The Witches

The Witches

by Roald Dahl

illustrated by Quentin Blake

London: Jonathan Cape, 1983

208 pp. – 22 chapters

Age: 6 +

Interests: witches, magic, mice, adventure

Witches are real, and they are plotting to wipe out children everywhere. A young boy, raised to be wary of witches by his Norwegian grandmother, stumbles across a convention of witches in an English seaside resort town. He and his courageous grandma resolve to stop their fiendish plan, even after the witches enact some horrible magic spell on him…

Not for the faint of heart! This is a ghoulish delight, from the detailed descriptions of how to spot witches among us (they wear wigs and gloves, and their spit is blue), to the horrid fates of the children who cross their path. The hero himself doesn’t entirely escape their clutches, as he is turned into a mouse midway through the book, but his tiny size only aids in his foiling the witches’ plans. The cigar-smoking witch-fighting grandma is a delightful character as well.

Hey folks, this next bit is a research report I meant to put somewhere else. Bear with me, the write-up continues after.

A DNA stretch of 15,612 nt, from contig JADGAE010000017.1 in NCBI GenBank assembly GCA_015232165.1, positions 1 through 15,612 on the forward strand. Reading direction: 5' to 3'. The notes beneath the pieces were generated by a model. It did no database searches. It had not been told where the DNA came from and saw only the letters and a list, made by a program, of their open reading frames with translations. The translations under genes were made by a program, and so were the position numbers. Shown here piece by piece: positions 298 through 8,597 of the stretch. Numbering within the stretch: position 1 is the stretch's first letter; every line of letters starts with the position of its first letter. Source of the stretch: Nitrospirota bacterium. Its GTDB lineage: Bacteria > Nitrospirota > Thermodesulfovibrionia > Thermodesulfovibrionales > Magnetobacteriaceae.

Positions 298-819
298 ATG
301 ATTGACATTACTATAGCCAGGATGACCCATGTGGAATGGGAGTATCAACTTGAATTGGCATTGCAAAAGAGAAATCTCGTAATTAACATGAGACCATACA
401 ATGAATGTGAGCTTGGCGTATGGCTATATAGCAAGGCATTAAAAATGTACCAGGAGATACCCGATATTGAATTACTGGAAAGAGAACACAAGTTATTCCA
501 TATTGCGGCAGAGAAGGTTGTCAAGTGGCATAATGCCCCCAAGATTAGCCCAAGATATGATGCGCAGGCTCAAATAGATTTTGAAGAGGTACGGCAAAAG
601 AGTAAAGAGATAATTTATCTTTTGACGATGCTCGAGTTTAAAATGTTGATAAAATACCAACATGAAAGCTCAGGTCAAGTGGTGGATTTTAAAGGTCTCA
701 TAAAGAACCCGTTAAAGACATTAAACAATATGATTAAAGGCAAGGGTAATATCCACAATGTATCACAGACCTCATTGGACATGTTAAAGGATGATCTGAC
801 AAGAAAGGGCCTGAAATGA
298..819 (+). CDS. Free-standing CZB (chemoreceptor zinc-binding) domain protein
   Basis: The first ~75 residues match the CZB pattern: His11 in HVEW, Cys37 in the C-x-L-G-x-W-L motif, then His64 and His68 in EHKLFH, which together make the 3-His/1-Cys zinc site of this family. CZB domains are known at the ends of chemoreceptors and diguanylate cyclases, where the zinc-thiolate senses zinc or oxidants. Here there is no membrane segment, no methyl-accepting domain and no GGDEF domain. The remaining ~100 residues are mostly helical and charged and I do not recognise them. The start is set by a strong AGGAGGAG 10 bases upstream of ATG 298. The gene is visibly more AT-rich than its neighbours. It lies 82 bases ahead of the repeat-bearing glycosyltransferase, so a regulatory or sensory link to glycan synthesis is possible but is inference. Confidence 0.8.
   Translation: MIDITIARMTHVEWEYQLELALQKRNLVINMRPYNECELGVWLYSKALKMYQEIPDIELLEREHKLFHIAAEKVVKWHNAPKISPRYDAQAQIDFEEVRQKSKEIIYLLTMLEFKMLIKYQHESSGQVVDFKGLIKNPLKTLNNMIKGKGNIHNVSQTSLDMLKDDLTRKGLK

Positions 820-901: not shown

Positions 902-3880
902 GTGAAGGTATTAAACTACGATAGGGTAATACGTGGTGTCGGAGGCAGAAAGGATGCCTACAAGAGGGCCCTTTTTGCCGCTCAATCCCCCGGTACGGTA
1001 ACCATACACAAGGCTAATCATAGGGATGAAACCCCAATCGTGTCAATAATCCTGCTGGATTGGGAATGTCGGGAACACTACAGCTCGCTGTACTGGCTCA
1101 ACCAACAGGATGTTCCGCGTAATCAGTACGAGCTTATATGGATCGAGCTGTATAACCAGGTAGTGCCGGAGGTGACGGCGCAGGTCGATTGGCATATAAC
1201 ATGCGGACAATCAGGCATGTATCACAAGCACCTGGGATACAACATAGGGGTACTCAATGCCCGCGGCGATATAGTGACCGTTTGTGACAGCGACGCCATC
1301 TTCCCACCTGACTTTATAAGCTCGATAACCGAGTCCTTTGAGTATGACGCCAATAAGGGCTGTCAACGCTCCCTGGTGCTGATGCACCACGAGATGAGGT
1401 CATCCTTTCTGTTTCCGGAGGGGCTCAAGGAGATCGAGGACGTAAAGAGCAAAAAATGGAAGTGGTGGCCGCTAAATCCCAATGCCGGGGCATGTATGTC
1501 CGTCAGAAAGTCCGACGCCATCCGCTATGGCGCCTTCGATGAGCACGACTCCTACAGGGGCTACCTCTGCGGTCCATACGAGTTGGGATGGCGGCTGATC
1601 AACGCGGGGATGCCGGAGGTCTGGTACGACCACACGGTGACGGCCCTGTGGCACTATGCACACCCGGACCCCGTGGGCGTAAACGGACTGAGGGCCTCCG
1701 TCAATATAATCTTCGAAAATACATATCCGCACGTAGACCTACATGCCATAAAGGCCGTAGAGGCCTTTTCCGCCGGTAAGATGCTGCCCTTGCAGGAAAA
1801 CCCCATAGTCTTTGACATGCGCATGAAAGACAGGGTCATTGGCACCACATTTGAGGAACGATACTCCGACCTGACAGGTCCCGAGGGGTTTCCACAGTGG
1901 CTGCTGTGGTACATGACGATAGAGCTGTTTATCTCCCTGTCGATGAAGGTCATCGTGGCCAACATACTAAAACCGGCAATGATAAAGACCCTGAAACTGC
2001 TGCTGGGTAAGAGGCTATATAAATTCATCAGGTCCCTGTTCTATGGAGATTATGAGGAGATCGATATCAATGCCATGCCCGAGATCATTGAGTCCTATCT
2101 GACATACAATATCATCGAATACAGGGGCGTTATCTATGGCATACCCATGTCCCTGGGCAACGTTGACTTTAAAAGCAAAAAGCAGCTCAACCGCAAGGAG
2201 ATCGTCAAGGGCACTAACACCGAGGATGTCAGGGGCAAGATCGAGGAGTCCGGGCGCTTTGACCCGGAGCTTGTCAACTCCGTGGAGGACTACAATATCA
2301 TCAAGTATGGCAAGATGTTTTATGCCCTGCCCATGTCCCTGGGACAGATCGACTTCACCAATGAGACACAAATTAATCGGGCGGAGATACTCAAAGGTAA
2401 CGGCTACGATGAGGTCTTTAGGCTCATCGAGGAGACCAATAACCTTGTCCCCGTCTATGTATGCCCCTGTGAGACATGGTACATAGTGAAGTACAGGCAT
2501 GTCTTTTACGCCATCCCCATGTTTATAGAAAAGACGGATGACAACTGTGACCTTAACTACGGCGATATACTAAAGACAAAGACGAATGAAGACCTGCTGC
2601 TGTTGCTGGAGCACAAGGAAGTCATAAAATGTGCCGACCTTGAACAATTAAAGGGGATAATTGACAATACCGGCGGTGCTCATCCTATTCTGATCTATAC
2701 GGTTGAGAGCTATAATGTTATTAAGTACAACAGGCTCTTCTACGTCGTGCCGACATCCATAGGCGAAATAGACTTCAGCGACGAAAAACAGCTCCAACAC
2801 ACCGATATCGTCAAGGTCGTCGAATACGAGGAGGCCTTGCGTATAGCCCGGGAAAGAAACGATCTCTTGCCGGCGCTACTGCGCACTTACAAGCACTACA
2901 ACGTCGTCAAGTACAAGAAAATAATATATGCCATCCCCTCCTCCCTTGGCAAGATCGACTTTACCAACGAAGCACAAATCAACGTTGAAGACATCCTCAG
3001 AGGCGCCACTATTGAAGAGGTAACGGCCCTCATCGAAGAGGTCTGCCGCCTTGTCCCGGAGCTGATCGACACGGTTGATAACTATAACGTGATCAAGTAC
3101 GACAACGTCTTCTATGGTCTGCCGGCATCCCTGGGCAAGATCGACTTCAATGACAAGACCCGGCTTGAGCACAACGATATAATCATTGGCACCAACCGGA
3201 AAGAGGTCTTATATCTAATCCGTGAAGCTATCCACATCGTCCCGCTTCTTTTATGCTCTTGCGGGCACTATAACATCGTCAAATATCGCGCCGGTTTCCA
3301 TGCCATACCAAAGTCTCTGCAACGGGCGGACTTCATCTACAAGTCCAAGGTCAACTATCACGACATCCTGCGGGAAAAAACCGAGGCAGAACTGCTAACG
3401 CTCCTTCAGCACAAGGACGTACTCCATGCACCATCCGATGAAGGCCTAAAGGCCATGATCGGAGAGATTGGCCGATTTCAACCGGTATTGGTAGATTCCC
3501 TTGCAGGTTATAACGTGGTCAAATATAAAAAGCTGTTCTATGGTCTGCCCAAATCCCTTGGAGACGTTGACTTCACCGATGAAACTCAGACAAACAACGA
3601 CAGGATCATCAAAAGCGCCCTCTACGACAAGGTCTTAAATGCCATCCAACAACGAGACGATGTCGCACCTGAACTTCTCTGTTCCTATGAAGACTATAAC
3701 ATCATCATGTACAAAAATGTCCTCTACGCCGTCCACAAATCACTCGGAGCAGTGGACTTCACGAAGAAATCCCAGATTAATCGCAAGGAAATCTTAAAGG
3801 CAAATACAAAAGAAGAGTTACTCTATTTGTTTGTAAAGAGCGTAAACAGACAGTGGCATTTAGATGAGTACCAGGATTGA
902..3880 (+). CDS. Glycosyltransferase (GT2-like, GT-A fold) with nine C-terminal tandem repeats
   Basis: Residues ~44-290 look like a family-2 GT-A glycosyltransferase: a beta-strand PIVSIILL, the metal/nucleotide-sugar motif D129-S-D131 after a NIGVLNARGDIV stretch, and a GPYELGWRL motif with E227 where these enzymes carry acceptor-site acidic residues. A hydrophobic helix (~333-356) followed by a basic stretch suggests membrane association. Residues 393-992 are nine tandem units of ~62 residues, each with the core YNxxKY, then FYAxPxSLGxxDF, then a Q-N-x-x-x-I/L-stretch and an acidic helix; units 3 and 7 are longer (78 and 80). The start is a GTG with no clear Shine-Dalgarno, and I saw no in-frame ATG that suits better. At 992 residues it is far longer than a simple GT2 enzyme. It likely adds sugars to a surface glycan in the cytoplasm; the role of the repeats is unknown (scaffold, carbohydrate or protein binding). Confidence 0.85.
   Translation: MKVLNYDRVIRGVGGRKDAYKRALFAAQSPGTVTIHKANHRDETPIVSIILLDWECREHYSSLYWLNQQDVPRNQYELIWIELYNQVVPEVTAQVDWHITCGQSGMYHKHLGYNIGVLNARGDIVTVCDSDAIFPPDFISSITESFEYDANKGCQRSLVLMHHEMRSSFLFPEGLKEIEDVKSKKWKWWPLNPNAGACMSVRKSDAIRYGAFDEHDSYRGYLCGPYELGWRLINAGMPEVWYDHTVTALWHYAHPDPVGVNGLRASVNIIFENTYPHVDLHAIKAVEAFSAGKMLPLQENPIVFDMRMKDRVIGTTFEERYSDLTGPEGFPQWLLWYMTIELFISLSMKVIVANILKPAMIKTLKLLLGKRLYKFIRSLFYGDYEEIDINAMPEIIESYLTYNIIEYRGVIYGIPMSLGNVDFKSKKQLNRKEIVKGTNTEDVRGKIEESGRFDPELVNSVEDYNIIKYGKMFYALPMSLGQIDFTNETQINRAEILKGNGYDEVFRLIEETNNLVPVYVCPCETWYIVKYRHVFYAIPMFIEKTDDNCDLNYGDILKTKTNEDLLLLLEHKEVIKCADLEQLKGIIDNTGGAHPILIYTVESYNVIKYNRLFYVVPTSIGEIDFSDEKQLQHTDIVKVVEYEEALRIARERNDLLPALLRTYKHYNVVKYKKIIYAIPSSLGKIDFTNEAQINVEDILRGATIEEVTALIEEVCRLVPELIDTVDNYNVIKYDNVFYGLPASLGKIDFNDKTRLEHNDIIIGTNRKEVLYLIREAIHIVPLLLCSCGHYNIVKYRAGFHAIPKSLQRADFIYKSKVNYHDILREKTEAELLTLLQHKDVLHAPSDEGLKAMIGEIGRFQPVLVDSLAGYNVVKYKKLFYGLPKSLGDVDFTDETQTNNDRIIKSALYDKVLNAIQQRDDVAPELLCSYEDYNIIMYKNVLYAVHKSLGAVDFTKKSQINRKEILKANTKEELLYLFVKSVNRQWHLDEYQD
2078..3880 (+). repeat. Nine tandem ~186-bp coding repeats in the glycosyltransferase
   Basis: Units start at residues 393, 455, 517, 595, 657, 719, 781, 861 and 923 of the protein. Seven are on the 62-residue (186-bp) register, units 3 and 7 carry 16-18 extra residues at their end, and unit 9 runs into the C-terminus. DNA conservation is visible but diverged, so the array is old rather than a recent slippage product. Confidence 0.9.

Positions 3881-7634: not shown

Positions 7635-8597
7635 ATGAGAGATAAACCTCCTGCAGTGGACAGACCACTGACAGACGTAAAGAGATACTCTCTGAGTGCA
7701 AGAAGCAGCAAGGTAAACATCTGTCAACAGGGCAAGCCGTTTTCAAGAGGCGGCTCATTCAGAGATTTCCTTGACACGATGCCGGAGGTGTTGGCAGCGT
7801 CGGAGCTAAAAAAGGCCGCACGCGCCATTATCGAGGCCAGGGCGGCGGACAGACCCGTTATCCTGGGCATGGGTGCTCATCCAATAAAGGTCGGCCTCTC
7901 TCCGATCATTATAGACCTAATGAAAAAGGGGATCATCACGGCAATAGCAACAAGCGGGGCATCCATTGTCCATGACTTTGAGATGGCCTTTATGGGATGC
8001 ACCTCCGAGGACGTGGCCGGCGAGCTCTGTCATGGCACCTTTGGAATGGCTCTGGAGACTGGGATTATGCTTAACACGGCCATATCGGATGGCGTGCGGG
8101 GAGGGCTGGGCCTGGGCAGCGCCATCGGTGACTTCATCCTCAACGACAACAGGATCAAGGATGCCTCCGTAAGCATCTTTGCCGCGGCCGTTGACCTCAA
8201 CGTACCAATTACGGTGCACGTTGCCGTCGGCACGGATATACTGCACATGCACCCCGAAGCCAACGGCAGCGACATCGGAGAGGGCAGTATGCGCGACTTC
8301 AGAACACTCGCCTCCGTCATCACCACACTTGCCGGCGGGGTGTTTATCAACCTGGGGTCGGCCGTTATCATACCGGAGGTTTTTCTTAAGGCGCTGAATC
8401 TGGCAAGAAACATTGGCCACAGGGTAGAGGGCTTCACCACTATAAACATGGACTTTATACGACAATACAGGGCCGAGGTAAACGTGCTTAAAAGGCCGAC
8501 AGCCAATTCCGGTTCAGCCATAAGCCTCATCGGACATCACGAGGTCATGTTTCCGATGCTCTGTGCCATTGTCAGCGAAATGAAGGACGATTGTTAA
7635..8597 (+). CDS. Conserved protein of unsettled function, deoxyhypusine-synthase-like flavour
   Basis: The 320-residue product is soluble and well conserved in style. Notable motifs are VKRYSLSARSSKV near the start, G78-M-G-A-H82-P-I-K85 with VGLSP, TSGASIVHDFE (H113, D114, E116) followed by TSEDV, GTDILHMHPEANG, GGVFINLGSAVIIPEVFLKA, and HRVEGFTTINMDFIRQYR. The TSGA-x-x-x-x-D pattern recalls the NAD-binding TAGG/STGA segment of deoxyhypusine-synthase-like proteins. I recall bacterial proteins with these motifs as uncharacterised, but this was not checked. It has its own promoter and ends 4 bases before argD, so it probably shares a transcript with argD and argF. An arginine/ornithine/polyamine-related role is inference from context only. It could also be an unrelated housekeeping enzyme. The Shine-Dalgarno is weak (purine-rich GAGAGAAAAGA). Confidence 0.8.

As always, Roald Dahl doesn’t back off any of the details, be they gruesome or just gross. It’s quite a funny book, as long as your child loves Hallowe’eny humour. Definitely not for the squeamish, or those prone to nightmares. Or anyone with eccentric aunts who wear wigs and gloves.

Could be read by 9-12 year olds, or read aloud to children as young as about 6.


(This title on amazon.)


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All writings posted here are © Kim Thompson, unless otherwise indicated. For all artwork on this site, copyright is retained by the artist.
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